This mutual fear and distrust penetrates the uppermost reaches of the bureaucracy. Constant vigilance against all is the law of the bureaucratic land. It is inevitable that in this atmosphere of all pervading terror personal factionalism and cliquism should flourish.

Aside from factionalism born of pure fear, there is a related factionalism motivated by different interests. The Russian bureaucracy is a vast conglomeration of 15 million party functionaries, party and non-party industrial magnates, kolkhoz supervisors, army officers, administrators, internal security officials, etc. Within this mass of 15 million, approximately half belong to the Communist Party, whose top committee, the presidium, is the undisputed ruling body of the Russian empire. But this committee, aside from Malenkov, includes the Minister of Internal Affairs, Beria, Minister of Foreign Affairs, Molotov, Minister of War, Bulganin, etc. These men owe their first allegiance to the party. Nevertheless, for their own ambitions and safety, they are forced to seek some sort of mass base in their ministries and to secure this support they must enhance the relative prestige and material well being of their respective ministries, thus generating jealousies, intrigue and cliquism within the presidium which reverberates down to the lowest levels of the bureaucracy.

Economic inefficiency is another product of the purge and terror system. Meeting quotas can be, literally, a question of life or death. Given this somewhat morbid prospect, it is not difficult to see why factory managers will often manufacture figures instead of goods. But as Russia has a state planned economy, false figures in one sphere of production leads to further unrealistic quotas and lop sided overall planning.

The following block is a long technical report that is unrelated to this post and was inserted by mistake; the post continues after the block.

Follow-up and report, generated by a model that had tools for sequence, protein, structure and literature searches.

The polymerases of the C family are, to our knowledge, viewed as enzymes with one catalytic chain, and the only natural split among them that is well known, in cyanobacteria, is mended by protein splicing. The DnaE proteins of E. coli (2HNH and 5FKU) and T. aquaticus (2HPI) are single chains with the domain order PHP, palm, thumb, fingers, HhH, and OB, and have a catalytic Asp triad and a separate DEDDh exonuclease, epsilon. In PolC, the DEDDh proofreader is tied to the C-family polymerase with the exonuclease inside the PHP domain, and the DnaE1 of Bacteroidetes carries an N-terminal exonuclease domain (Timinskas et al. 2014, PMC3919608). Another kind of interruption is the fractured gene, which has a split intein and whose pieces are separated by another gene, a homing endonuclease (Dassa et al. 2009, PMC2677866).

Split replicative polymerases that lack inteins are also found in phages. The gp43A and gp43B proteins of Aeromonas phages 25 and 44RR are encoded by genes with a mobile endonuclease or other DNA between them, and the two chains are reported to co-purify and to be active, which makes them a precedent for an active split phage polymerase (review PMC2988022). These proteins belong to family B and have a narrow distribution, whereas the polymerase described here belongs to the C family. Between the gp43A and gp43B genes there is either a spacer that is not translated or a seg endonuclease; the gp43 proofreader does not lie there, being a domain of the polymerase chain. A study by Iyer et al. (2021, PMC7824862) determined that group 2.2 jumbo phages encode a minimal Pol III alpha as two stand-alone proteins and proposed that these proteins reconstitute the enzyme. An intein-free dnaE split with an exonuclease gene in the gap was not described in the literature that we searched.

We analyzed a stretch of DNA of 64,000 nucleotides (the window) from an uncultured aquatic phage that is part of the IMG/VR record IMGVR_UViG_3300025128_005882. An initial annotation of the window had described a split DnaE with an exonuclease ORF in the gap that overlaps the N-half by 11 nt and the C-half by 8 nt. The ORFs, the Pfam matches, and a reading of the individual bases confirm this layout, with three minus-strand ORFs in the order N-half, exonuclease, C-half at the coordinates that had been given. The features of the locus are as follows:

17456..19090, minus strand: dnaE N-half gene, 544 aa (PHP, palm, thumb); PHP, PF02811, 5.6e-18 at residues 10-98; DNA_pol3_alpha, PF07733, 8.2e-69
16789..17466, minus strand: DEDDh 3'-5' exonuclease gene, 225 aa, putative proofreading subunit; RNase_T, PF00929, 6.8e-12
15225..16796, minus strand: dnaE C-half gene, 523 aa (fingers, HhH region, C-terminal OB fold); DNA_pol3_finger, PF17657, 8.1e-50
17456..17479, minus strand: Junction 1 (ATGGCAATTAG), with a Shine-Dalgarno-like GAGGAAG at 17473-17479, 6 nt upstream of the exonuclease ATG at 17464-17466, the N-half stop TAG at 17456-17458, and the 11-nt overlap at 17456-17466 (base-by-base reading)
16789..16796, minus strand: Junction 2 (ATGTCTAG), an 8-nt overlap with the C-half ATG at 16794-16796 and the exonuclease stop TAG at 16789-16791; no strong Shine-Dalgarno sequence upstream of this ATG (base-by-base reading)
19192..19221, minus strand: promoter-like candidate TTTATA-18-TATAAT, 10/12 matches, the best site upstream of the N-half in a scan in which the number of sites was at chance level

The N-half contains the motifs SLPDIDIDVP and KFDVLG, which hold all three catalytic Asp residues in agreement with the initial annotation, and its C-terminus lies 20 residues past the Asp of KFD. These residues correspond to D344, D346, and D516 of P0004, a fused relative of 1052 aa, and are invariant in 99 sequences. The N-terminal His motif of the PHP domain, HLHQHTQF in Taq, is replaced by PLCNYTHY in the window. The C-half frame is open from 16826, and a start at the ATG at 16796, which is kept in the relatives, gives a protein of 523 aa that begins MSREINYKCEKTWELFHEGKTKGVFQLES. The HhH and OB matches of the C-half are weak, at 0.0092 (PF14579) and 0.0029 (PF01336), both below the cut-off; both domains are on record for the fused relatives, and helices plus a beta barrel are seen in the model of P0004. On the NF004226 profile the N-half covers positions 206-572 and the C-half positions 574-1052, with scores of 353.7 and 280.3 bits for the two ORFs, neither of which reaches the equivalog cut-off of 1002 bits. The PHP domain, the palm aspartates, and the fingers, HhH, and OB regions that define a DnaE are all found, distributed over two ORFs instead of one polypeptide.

The disintegrative tendencies within Stalinism have been increased rather than diminished by Stalin’s death. Stalin served a unique role within the Russian ruling class. He had behind him the machinery and prestige for placing himself above the factional conflicts within the bureaucracy. He was the supreme moderator and the ultimate judge and executioner. There is even evidence that the arch-manipulator of our times encouraged personal and political animosities within the ruling circles as a means of insuring his special function.

The death of the almighty co-ordinator leaves vacant on the peak of the bureaucratic hierarchy, a post which served as a stabilizing factor in the life of the bureaucracy. A directory cannot operate with maximum efficiency and no individual in it has the “qualifications” to assume Stalin’s terrible personal power. Stalin consolidated his unquestioned personal power over the corpses of ally and foe. There is no reason to believe that a new Stalin would utilize any more charitable methods.

Malenkov is no Stalin, though apparently he was created in his mentor’s image. He has no ties with the October Revolution, he was not instrumental in consolidating the bureaucratic class in the late twenties and thirties and he has not been able to build the personal machine which Stalin did over a period of thirty years. Moreover, Malenkov comes to leadership of the bureaucracy at a time when it numbers in the millions, is already divided, suffers from fatigue and has none of the idealism, warped though it was, of the generation which backed Stalin’s bloody march to power. Given these facts it will take many years and many purges to build a Malenkov myth and if one is established it can only be done over the opposition, and perhaps over the bodies of the elder statement on the presidium whose bureaucratic souls must rankle at the thought of playing a subordinate role to this newly arrived leader. The consolidation of the presidium, the reduction of the number of ministries are symptomatic that all does not go well with Stalin’s choice. This initial reorganization has a levelling effect in the highest committee of the party by placing the tightened presidium in a better position for watching both Malenkov and the reduced number of ministries. Malenkov’s “voluntary” abandonment of his secretaryship of the party, even though it was to one of his lieutenants, is symptomatic of the Premier’s dubious position.